Greetings Deaconess Community,
In April we joined millions across the country in recognition of National Public Health Week and Black Maternal Health Week by honoring the legacy and contributions of those who have made and are making strides to improve the health and well-being of our people and communities in the bi-state region.
I began the month by celebrating the profound legacy of Dr. William C. Banton II, the first director of the St. Louis County Department of Health at the John C. Murphy Health Center in Berkeley. This year Dr. Kanika Cunningham, the director of the St. Louis County Department of Public Health, set out to honor Dr. Banton and recognize the lasting impact he has had on the healthcare community. He began his tenure at the Health Department in 1973. Dr. Banton designed the county’s Department of Community Health and Medical Care. He was known as a trailblazer who “modernized the office” by designing and implementing a new, modern health department. In addition to many professional accolades, leadership roles, teaching at medical school hospitals, and serving as a war veteran with a high ranking, Dr. Banton was also known for his genuine care and concern for patients.
Notably, after earning his medical degree from Howard University in 1946, Dr. Banton interned at Homer G. Phillips Hospital — the only teaching hospital west of the Mississippi River to produce black doctors and nurses and to serve the city’s Black residents. While interning, Dr. Banton met his wife Dr. Milagros T. Roman Banton. She and her children attended the celebration honoring her late husband.
Mid-month, during Black Maternal Health Week, I had the privilege of joining community partners in support of the introduction of the Missouri Birth Index report. In partnership with the National Birth Equity Collaborative (NBEC), St. Louis Integrated Health Network (IHN) published a report on birth equity in our region that identifies the impact of indicators of social determinants of health (e.g. access to healthy foods and transportation) and root causes (e.g. gender inequality in earnings, housing, and education) in relation to racial disparities in infant mortality. The Index reflects that Black infant mortality is significantly higher than White infant mortality across multiple counties in Missouri. Similarly, nationwide Black women are three times more likely to die from a pregnancy-related cause than White women, as the Centers for Disease Control (CDC) reports. With the Index, advocates in Missouri now have a tool to call in healthcare providers and governing bodies to do their part to achieve equal outcomes for Black babies that affect the families, neighborhoods, and the bi-state region in which we live.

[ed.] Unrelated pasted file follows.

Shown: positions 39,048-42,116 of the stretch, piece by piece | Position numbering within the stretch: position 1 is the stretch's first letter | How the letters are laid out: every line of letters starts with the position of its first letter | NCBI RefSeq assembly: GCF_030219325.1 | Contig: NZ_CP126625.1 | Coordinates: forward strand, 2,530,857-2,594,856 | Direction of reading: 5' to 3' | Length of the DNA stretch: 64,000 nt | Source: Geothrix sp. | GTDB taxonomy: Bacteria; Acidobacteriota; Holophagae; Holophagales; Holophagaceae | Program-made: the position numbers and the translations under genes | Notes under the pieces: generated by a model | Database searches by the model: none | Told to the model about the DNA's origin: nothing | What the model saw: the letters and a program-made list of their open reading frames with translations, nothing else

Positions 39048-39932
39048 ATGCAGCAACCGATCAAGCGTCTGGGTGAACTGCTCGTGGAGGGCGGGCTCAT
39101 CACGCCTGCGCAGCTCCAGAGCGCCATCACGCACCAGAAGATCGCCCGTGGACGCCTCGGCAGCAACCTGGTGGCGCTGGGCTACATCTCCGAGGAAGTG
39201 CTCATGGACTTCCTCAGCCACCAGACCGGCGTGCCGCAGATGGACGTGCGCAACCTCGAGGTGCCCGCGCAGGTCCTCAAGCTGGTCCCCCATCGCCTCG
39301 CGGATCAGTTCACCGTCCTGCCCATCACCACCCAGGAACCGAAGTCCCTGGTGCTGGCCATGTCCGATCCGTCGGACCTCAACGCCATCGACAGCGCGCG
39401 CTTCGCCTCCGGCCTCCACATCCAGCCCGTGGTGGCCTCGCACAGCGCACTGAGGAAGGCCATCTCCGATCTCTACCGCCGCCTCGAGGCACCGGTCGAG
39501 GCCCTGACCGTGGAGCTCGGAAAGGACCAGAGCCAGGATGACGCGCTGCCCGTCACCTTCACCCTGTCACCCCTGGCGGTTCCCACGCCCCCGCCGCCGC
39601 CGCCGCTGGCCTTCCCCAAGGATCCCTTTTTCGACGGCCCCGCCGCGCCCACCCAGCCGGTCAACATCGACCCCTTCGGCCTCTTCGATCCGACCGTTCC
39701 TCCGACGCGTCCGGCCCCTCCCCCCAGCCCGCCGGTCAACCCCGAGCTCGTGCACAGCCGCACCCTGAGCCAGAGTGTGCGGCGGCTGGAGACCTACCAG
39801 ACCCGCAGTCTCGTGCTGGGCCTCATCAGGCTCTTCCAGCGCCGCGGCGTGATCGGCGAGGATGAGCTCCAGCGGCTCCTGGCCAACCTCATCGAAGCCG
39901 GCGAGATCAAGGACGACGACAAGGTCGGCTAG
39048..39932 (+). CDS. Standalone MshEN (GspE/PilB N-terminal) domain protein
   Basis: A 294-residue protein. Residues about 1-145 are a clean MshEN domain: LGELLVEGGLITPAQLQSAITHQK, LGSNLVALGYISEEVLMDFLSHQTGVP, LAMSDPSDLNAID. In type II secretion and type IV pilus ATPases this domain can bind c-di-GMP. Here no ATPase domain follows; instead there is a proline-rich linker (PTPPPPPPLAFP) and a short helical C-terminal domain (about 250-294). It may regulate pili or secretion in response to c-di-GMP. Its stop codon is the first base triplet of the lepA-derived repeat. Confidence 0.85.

“Birth Equity,” as the report states, “is the belief that all people are valued, have fundamental human rights, and should be supported by their governments and health systems to achieve the best possible health outcomes across the reproductive lifespan.”
The science now confirms that the bodies of Black women in this nation carry and pass along trauma and toxic stress in utero, affecting the lives and birth outcomes of mother and child. I advocate for whole woman health and well-being inclusive of but not limited to her reproductive years. This is an important first step among many more that must be taken to equalize life outcomes for all people.
Women and birthing people from all walks of life are coming together in this region thinking generationally for health and well-being. As April was the designated time to celebrate public health, we recognize all public health servants who help our region realize health equity and health justice including St. Louis County Department of Health Director Dr. Kanika Cunningham, St. Louis County Deputy Director, Department of Public Health Kate Donaldson, St. Louis City Director of Health Dr. Matifadza Hlatshwayo Davis, and City of St. Louis Commissioner of Health Victoria Anwuri.
In service to the will of the Spirit and the mission,
President & CEO
Read the full April/May eNewsletter here.